• Fluency of Ideas - The ability to come up with a number of ideas about a topic (the number of ideas is important, not their quality, correctness, or creativity).
     
    source: Occupational Information Network: Chemical Engineers  updated June 2009
     


    Work Activities
    for Chemical Engineers
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  • Making Decisions and Solving Problems - Analyzing information and evaluating results to choose the best solution and solve problems.
     
  • Analyzing Data or Information - Identifying the underlying principles, reasons, or facts of information by breaking down information or data into separate parts.
     
  • Getting Information - Observing, receiving, and otherwise obtaining information from all relevant sources.
     
  • Communicating with Supervisors, Peers, or Subordinates - Providing information to supervisors, co-workers, and subordinates by telephone, in written form, e-mail, or in person.
     
  • Interacting With Computers - Using computers and computer systems (including hardware and software) to program, write software, set up functions, enter data, or process information.
     
  • Updating and Using Relevant Knowledge - Keeping up-to-date technically and applying new knowledge to your job.
     
  • Organizing, Planning, and Prioritizing Work - Developing specific goals and plans to prioritize, organize, and accomplish your work.
     
  • Processing Information - Compiling, coding, categorizing, calculating, tabulating, auditing, or verifying information or data.
     
  • Thinking Creatively - Developing, designing, or creating new applications, ideas, relationships, systems, or products, including artistic contributions.
     
  • Identifying Objects, Actions, and Events - Identifying information by categorizing, estimating, recognizing differences or similarities, and detecting changes in circumstances or events.
     
    source: Occupational Information Network: Chemical Engineers  updated June 2009
     


    Interests
    for Chemical Engineers
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  • Investigative - Investigative occupations frequently involve working with ideas, and require an extensive amount of thinking. These occupations can involve searching for facts and figuring out problems mentally.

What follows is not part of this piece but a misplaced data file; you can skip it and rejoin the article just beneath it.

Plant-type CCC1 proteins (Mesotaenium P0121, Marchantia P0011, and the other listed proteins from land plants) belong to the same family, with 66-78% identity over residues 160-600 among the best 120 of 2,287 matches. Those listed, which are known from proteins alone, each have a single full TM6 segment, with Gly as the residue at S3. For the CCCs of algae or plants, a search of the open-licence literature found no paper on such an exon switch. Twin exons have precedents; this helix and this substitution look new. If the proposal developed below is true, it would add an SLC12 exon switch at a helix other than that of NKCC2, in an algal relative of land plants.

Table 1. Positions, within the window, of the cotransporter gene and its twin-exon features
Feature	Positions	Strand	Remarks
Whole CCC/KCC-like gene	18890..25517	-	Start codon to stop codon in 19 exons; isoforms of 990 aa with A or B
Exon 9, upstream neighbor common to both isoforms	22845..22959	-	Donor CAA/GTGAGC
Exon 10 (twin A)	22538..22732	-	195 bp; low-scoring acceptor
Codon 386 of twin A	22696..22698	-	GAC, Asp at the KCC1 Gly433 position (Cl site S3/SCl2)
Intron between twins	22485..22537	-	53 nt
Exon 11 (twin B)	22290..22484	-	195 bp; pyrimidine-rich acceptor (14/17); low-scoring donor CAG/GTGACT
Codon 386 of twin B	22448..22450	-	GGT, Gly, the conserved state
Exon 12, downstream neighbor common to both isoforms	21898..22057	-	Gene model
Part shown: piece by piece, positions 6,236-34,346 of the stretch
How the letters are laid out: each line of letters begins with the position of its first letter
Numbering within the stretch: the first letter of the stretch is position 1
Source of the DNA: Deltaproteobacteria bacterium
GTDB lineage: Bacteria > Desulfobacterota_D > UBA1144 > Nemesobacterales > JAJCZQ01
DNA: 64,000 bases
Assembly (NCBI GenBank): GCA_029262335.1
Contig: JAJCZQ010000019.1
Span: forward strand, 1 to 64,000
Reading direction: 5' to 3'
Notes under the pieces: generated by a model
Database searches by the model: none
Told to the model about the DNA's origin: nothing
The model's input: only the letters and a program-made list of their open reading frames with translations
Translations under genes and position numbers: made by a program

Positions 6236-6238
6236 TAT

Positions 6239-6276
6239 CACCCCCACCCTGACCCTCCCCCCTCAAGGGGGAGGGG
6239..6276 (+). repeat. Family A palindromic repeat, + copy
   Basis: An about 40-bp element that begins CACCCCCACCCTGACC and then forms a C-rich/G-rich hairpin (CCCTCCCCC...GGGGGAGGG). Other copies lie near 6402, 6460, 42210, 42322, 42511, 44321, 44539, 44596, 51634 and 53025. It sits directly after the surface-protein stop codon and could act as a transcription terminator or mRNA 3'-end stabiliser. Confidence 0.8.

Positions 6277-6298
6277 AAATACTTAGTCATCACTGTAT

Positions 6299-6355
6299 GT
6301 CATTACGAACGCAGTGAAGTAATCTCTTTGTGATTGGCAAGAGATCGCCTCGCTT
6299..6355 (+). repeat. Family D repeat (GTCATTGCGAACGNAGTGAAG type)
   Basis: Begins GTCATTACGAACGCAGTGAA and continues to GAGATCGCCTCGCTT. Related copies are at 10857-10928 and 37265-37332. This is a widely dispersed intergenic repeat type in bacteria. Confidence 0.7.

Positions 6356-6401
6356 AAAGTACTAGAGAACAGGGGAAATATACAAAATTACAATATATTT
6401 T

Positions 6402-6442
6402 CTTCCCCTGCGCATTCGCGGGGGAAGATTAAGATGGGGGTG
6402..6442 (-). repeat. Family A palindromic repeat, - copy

• Realistic - Realistic occupations frequently involve work activities that include practical, hands-on problems and solutions. They often deal with plants, animals, and real-world materials like wood, tools, and machinery. Many of the occupations require working outside, and do not involve a lot of paperwork or working closely with others.
     
    source: Occupational Information Network: Chemical Engineers  updated June 2008
     


    Work Styles
    for Chemical Engineers
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  • Analytical Thinking - Job requires analyzing information and using logic to address work-related issues and problems.
     
  • Dependability - Job requires being reliable, responsible, and dependable, and fulfilling obligations.
     
  • Attention to Detail - Job requires being careful about detail and thorough in completing work tasks.
     
  • Integrity - Job requires being honest and ethical.
     
  • Persistence - Job requires persistence in the face of obstacles.
     
  • Initiative - Job requires a willingness to take on responsibilities and challenges.
     
  • Adaptability/Flexibility - Job requires being open to change (positive or negative) and to considerable variety in the workplace.
     
  • Achievement/Effort - Job requires establishing and maintaining personally challenging achievement goals and exerting effort toward mastering tasks.
     
  • Cooperation - Job requires being pleasant with others on the job and displaying a good-natured, cooperative attitude.
     
  • Innovation - Job requires creativity and alternative thinking to develop new ideas for and answers to work-related problems.
     
    source: Occupational Information Network: Chemical Engineers  updated June 2009